PGDM (AgriBusiness Management)
The word agriculture indicate plowing a field, planting seed, harvesting a crop, milking cows, or feeding livestock. Until recently, this was a fairly accurate picture. But to days’ agriculture is radically different.
Agriculture has evolved in to agribusiness and has become a vast and complex system that reaches for beyond the farm to include all those who are involved in bringing food and fiber to consumers. Agribusiness include not only those that farm the land but also the people and firms that provide the inputs (for ex. Seed, chemicals, credit etc.), process the output (for ex. Milk, grain, meat etc.), manufacture the food products (for ex. icc cream, bread, breakfast cereals etc.), and transport and sell the food products to consumers (for ex. restaurants, supermarkets).
Agribusiness system has undergone a rapid transformation as new industries have evolve and traditional farming operations have grown larger and more specialized. The transformation did not happen over night, but came slowly as a response to a variety of forces. Knowing something about how agribusiness came about makes it easier to understand how this system operates today and how it is likely to change in the future.
Initially agriculture being the major venture it was easy to become a farmer, but productivity was low. Average farmer produced enough food to feed just four people. As a consequence most farmers were nearly totally self-sufficient. They produced most of the inputs they needed for production, such as seed, draft animals, feed and simple farm equipment. Farm families processed the commodities they grew to make their own food and clothing. They consumed or used just about everything they produced. The small amount of output not consumed on the farm was sold for cash. These items were used to feed and cloth the minor portion of the country’s population that lived in villages and cities. A few agricultural products made their way into the export market and were sold to buyers is other countries.
Farmers found it increasingly profitable to concentrate on production and began to purchase inputs they formerly made themselves. This trend enabled others to build business that focused on meeting the need for inputs used in production agriculture such as seed, fencing, machinery and so on. These farms involved into the industries that make up the “agricultural inputs sector”. Input farms are major part of agribusiness and produce variety of technologically based products that account for approximately 75 per cent of all the inputs used in production agriculture.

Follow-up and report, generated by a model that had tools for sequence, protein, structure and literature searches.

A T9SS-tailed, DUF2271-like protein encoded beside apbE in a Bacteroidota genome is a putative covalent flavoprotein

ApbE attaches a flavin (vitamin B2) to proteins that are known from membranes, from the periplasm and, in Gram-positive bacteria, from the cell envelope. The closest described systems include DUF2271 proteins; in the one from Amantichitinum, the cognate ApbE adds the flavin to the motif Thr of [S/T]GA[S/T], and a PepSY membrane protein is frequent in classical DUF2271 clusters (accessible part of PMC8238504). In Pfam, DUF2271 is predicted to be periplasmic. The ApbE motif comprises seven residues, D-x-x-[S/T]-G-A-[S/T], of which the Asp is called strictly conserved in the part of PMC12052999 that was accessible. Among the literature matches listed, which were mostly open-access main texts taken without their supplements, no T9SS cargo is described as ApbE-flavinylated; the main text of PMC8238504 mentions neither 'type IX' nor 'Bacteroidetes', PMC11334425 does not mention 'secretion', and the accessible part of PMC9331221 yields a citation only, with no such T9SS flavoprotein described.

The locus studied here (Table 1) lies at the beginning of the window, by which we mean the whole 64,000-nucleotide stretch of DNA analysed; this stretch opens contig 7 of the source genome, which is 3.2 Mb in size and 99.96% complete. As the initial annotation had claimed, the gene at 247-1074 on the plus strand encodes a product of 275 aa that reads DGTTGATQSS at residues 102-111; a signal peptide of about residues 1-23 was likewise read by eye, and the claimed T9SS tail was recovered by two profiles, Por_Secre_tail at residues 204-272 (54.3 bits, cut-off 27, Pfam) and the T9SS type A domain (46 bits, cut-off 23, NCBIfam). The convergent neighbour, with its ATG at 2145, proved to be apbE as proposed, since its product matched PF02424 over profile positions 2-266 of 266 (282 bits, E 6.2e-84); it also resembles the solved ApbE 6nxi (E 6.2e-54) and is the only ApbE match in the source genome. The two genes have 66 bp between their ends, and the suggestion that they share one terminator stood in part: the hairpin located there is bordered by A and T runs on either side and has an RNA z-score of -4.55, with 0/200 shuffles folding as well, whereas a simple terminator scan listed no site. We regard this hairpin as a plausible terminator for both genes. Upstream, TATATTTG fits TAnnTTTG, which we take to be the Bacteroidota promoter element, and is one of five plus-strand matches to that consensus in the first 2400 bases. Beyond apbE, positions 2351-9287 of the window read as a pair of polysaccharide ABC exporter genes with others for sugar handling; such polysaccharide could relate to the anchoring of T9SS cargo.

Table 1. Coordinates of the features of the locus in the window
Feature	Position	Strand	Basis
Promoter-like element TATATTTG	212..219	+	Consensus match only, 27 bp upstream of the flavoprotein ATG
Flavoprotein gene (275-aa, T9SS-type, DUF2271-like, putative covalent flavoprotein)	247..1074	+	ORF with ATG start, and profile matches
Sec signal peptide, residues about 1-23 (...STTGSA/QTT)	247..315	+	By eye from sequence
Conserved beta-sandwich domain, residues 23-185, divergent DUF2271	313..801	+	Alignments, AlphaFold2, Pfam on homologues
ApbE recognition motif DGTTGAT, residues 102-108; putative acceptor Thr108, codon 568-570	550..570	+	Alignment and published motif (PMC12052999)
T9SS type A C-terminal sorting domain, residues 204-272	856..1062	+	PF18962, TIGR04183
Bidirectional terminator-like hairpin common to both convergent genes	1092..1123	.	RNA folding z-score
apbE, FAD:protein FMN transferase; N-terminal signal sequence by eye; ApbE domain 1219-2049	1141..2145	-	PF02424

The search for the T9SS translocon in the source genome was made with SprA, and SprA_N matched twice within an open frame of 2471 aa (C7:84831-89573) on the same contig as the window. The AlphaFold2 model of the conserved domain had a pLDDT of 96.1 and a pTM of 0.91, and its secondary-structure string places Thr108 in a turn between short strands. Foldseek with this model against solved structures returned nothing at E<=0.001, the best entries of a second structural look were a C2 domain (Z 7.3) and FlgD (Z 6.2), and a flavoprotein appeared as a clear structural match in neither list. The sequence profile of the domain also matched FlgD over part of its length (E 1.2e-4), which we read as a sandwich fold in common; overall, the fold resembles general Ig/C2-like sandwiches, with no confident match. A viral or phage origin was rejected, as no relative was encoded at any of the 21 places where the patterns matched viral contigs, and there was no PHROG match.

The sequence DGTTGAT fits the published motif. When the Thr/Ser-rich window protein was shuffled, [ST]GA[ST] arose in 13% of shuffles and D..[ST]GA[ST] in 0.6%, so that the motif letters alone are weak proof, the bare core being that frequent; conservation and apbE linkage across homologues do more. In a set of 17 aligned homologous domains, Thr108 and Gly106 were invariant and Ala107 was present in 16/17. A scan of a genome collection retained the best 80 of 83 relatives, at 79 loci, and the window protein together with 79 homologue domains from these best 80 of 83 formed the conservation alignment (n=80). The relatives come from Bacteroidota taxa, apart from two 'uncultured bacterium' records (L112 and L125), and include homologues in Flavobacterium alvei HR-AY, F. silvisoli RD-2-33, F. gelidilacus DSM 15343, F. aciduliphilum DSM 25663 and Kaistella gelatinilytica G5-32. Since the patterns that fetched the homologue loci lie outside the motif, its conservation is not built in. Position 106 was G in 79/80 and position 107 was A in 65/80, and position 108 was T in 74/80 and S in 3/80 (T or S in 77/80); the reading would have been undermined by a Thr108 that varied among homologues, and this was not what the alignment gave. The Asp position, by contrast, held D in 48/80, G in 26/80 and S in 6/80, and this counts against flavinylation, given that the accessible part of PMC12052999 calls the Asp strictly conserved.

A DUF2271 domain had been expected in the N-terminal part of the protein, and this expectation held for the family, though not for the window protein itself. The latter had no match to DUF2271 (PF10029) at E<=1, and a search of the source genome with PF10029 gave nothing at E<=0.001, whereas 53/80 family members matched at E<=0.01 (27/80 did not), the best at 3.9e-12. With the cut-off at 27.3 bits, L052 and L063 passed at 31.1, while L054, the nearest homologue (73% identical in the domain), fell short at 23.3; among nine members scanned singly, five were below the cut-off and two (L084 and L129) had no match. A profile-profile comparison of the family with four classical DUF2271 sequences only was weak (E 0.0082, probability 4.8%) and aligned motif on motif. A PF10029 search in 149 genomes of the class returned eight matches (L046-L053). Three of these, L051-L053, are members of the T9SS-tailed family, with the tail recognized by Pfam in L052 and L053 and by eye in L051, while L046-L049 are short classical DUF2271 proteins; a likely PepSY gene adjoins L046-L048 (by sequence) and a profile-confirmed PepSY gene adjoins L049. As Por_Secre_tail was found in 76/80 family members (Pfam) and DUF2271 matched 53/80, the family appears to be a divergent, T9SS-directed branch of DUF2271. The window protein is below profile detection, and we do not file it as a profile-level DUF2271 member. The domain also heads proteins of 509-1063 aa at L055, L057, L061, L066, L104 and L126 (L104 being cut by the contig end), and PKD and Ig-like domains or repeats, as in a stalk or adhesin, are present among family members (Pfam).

At the same time the agriculture input sector was evolving, a similar evaluation was taking place a commodity processing and food manufacturing moved off the farm. The form of most commodities (wheat, rice, milk, livestock and so on) must be changed to make them more useful and convenient for consumers. For ex. consumers would rather buy flour than grind the wheat themselves before backing a cake. They are willing to pay extra for the convenience of buying the processed commodity (flour) instead of the raw agriculture commodity (wheat).
During the same period technological advance were being made in food preservation method. Up until this time the perishable nature of most agriculture commodities meant that they were available only at harvest. Advance in food processing have made it possible to get those commodities all throughout the year. Today even most farm families use purchased food and fiber products rather than doing the processing themselves. The farms that meet the consumers demand for greater processing and convenience also constitute a major part of agribusiness and are referred to as the processing manufacturing sector.
It is apparent that the definition of agriculture had to be expanded to include more than production. Farmers rely on the input industries to provide the products and service they need to produce agricultural commodities. They also rely on commodity processors, food manufactures, and ultimately food distributors and retailers to purchase their raw agricultural commodities and to process and deliver them to the consumer for final sale. The result is the food and fiber system.
The food and fiber system is increasingly being referred to as “agribusiness”. The term agribusiness was first introduced by Davis and Goldberg in 1957. it represents three part system made up of (1) the agricultural input sector (2) the production sector and (3) the processing-manufacturing sector. The capture the full meaning of the term “agribusiness” it is important to visualizes these there sectors as interrelated parts of a system in which the success of each part depends heavily on the proper functioning of the other two.